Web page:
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Guns N' Roses, rock 'n' roll

Craig Duswalt shows off memories from his tours with the band

Posted: July 27, 2008 1:07 a.m.
Updated: September 27, 2008 5:03 a.m.

Craig Duswalt displays some of his Guns N' Roses memorabilia.

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Craig Duswalt, 46, of Stevenson Ranch, looks like the clean-cut "boy next door." He has lived the quiet Santa Clarita Valley suburban life of a model dad, professional marketing expert and theater impresario since 1996. Married to wife Natasha, the couple have three boys, Tyler, 8, Ryan, 6 and Hayden, 4.

Until recently, few of his friends and neighbors knew that before Duswalt settled down to suburban bliss he lived the life of a rock star while employed by the bands Air Supply and Guns N' Roses.

For years Duswalt rubbed shoulders with music notables, including Elton John, Bono, Brian May (of the band Queen,) Metallica and Madonna. He remains in contact with many of the stars he made friends with on the road. He's dated Playboy Playmates and is the subject of one of the most asked questions on a popular Guns N' Roses Web site.

Born and raised in Long Island, N.Y., Duswalt was two weeks out of college - having earned his degree in marketing with a theater minor from State University of New York at Oswego - when his life changed.

Air Supply
"I was working at a menial job at the Westbury Music Fair (a 3,000 seat in-the-round performance venue) in Westbury on Long Island where I was a backstage runner for bands and performers who came in to do shows," Duswalt said. "I would always work hard no matter what - in case someone saw me. I knew many famous people came through the doors every night, and you never know who is going to see you shine."

As in all good "boy makes good" stories, someone did take notice - the Australian pop band, Air Supply and its two lead members, Graham Russell and Russell Hitchcock.

"The band Air Supply did a show on a Friday night, I picked them up at the hotel, got them coffee, made sure they were comfortable," Duswalt said. "After the second show on Saturday night, I was backstage when Air Supply's security guard, Bob Street approached and asked my salary."

After Duswalt confided he was making $150 a week, Street asked Duswalt if he'd like to quadruple his salary.

"I asked him what I had to do for that kind of money," Duswalt said.

The band was looking for a band assistant for the group's road tour. Duswalt was told the band had noticed Duswalt working and thought he'd be a "great addition."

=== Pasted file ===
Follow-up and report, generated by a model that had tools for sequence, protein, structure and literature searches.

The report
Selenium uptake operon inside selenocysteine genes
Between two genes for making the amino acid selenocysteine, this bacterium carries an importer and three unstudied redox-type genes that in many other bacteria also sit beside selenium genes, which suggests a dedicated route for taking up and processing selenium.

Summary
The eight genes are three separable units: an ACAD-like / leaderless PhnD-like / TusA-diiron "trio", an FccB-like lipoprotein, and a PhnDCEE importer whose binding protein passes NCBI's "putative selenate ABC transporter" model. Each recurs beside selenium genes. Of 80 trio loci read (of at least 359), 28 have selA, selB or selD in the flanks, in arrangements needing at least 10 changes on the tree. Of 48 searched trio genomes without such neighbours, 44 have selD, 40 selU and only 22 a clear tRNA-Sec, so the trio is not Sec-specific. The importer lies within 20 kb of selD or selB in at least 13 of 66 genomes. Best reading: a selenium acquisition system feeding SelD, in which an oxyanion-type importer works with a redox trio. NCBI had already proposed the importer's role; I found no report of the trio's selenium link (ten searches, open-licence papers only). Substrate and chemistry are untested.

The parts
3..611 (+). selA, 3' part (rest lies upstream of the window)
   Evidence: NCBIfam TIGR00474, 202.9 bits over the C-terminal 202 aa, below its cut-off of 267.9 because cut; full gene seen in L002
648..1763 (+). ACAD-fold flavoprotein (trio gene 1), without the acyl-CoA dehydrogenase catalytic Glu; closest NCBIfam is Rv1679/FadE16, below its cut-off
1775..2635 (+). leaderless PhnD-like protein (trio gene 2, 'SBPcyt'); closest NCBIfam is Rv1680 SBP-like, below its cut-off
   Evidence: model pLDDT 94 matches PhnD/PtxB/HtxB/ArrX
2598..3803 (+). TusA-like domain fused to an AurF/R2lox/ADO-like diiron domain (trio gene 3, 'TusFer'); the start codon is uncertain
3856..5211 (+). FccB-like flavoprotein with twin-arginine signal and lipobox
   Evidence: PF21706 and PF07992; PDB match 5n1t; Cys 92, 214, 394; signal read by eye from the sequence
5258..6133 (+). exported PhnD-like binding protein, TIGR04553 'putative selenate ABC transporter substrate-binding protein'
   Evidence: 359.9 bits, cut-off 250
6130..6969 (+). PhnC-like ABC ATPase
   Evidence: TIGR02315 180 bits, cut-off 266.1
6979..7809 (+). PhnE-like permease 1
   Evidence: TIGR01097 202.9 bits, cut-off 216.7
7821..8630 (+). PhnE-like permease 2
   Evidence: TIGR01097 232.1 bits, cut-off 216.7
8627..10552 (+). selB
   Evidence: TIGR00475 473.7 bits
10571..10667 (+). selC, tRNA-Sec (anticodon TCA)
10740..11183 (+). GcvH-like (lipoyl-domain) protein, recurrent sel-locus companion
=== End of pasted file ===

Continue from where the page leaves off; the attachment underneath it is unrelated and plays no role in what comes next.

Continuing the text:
"The next morning a limo took me to the airport, and I flew to Connecticut to meet the band and that was my first day of a six-year world tour," he said.

As a member of Air Supply's entourage Duswalt was in charge of advancing the shows, making sure the dressing rooms had what was called for in the contract, stocking the bus with food and alcohol and handing out backstage passes.

"I handed out the passes to the most beautiful women in the audience because I was in charge of the backstage parties," he said.

Duswalt worked for Air Supply from 1983 through 1988. However, after six years on the road Duswalt gave up the glamorous life in the band's entourage and moved to Los Angeles where he decided to try his hand at acting.

Fans of the ABC soap opera "General Hospital" may remember Duswalt in a recurring (under five lines) role in Duke's Club.

"I did the acting thing for a while, I did lots of theater in L.A.," he said.

Then the phone rang - Doug Goldstein, manager of Guns N' Roses was on the line.

"He asked if I was ready to go back on the road," Duswalt said.

Guns N' Roses
Duswalt had first met Goldstein when the Guns N' Roses manager became head of security for Air Supply three years into Duswalt's stint with the band.

"I showed him the ropes on Air Supply, then he became the manger of Guns N' Roses," Duswalt said.

Duswalt signed on to be the personal assistant to Guns N' Roses frontman and co-founder Axl Rose.

"I basically managed all aspects of his life, from home to business to his performing life. I managed everything," Duswalt said. "I was the liaison to Axl, anyone who wanted to meet him backstage after the show, including many famous stars, had to go through me. I was in charge of keeping him out of trouble and helping him get ready to do a show."

Among his many duties Duswalt was in charge making sure his dressing rooms and hotels rooms were prepared to his liking and to handling his finances on the road.

"I was all things Axl," he said.

Duswalt worked for Guns N' Roses from 1991-94. He was on tour with the band 1991-93.

During his years with Air Supply and Guns N' Roses Duswalt traveled the globe.

"I've been in every state except Alaska and every continent except Antarctica," Duswalt said.